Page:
How’s your holiday shopping going? Mine is not done yet (I know!) so I will probably be making a last-minute run to my favorite local stores. If you yearn for the days of old when shopping, come reminisce at the Museum’s newest exhibit Charlotte: Signs of Home.
Several shopping destinations are featured in the vintage signs exhibit, guest curated by Charlotte Signs Project founder Christopher Lawing, from department stores to malls to the flower shop your parents frequented for “sorry my present is late” bouquets.
In the post-war era of the 1950s, department stores dominated the shopping landscape in Charlotte. Uptown (then still called Downtown) boasted a Belk department store, Efird’s, and an Ivey’s. Ivey’s was founded in the early 1900s as a general store by Joseph Benjamin Ivey. Ivey’s was several stories, with a millinery department, a wedding dress department with a team of alterations staff, and two restaurants, both of which were sites of sit-in protests by Black Johnson C. Smith students in 1960.
This reproduction Ivey’s sign is a replica of the smaller signs at the doors of the store. When the building was remodeled from condos to the current hotel, these signs were created. The Ivey’s sign is on loan from Christopher Lawing and the Charlotte Signs Project.
The 1970s brought with it the mall era and in 1975, Eastland Mall opened off Central Ave. One of its anchor tenants was actually Ivey’s (along with Belk and J.C. Penney). The mall was a destination for Charlotteans and with two stories, a food court (new at the time), an ice-skating rink, and huge bubble-like chandeliers, was considered nicer than SouthPark mall. The Eastland sun icon, which was designed by the building architect, Alfred Kloke, features a sun with puffed-up cheeks and puckered lips in the act of blowing air. Since its creation, it has inspired clothing, hats, tattoos, murals, memories, and even the logo for CharlotteEAST, who now owns the signs and logo.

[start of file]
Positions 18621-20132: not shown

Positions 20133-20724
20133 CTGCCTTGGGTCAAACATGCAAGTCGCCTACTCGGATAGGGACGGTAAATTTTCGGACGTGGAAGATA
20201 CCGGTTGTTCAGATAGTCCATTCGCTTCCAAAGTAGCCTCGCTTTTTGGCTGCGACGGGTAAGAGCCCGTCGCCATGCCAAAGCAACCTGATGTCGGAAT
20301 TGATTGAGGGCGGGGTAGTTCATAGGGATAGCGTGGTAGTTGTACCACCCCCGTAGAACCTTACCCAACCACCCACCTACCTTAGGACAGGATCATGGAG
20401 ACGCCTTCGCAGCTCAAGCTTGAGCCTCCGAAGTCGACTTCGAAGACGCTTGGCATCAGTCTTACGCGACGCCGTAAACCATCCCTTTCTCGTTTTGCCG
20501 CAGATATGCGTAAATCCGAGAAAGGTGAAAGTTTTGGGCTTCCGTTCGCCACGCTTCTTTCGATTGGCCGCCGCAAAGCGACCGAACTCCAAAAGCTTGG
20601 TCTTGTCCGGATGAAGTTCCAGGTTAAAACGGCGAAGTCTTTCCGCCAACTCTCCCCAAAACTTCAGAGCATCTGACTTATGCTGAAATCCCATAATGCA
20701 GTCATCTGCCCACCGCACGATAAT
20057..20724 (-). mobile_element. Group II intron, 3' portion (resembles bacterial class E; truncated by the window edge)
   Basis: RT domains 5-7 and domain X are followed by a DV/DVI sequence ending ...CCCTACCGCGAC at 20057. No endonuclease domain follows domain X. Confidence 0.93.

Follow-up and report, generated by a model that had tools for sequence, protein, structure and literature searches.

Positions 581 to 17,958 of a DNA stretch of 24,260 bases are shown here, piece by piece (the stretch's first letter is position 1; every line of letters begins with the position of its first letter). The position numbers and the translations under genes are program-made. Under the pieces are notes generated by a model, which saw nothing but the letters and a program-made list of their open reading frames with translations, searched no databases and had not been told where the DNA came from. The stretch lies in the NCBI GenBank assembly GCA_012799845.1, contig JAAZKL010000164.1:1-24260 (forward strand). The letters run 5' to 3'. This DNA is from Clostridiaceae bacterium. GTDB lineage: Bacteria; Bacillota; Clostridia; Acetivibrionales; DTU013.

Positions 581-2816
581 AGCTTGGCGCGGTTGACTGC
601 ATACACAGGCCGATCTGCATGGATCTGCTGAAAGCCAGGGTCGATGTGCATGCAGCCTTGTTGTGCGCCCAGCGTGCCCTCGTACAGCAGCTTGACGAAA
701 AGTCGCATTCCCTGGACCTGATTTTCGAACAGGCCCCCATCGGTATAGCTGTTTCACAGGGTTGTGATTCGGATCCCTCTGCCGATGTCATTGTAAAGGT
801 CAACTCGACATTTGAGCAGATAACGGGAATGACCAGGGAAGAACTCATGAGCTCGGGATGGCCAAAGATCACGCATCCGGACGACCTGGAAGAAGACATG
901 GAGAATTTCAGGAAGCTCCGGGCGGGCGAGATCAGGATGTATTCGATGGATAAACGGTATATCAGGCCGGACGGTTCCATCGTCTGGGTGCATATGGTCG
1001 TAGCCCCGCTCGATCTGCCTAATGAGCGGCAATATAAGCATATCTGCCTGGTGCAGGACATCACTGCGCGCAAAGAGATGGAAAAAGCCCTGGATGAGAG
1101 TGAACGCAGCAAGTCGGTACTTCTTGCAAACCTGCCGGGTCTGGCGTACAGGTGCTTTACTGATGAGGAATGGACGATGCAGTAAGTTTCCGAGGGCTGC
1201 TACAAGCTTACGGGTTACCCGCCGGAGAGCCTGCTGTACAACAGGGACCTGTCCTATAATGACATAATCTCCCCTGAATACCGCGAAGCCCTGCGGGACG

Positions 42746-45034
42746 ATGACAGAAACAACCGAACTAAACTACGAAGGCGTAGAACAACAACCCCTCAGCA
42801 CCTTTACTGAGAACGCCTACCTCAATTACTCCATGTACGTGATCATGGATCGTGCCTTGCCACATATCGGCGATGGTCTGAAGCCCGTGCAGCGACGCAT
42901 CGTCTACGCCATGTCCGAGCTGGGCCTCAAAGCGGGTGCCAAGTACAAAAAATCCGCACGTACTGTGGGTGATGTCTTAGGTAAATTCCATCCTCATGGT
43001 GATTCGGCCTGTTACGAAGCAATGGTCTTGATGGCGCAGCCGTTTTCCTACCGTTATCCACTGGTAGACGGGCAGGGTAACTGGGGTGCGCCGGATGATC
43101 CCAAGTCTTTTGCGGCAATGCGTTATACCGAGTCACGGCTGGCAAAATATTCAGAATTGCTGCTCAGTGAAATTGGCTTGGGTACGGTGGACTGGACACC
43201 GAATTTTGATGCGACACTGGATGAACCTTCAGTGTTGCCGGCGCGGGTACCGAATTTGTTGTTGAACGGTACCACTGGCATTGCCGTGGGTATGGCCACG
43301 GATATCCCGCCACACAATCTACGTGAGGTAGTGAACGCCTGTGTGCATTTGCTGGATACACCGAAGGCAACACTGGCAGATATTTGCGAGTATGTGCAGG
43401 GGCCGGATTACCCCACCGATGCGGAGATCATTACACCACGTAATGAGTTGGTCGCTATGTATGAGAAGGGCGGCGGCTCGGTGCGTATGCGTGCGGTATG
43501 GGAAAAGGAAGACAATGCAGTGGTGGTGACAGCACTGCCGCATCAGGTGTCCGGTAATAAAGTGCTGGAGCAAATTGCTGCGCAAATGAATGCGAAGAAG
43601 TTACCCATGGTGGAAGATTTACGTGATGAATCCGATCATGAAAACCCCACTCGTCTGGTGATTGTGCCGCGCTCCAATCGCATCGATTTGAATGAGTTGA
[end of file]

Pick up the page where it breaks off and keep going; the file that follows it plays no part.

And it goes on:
The mall closed in 2010 after a period of declining sales. Now the property is set for redevelopment around the new major league soccer team. This sign is a smaller version of the huge icons that hung outside the entrances of the mall. The icon is on loan to the Museum from CharlotteEAST.
I hope you’ll come check it out! While you’re reminiscing, think of the places you love now – why do you love them? What intrinsic value does a sign or a building have? We hope this exhibit inspires you to support the places and spaces you love today.
The Charlotte Museum of History
About The Charlotte Museum of History
The Charlotte Museum of History exists to save and share the Charlotte region’s history, helping create a better understanding of the past and inspiring dialogue about the future. The museum is the steward of the 1774 Hezekiah Alexander Rock House and homesite, which is listed on the National Register of Historic Places and is the oldest home in Mecklenburg County. Visit charlottemuseum.org and follow the museum on Facebook, Instagram and Twitter. The museum is an independent 501(c)(3) nonprofit organization.
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“We have to do with the past only as we can make it useful to the present and the future.” – Frederick Douglass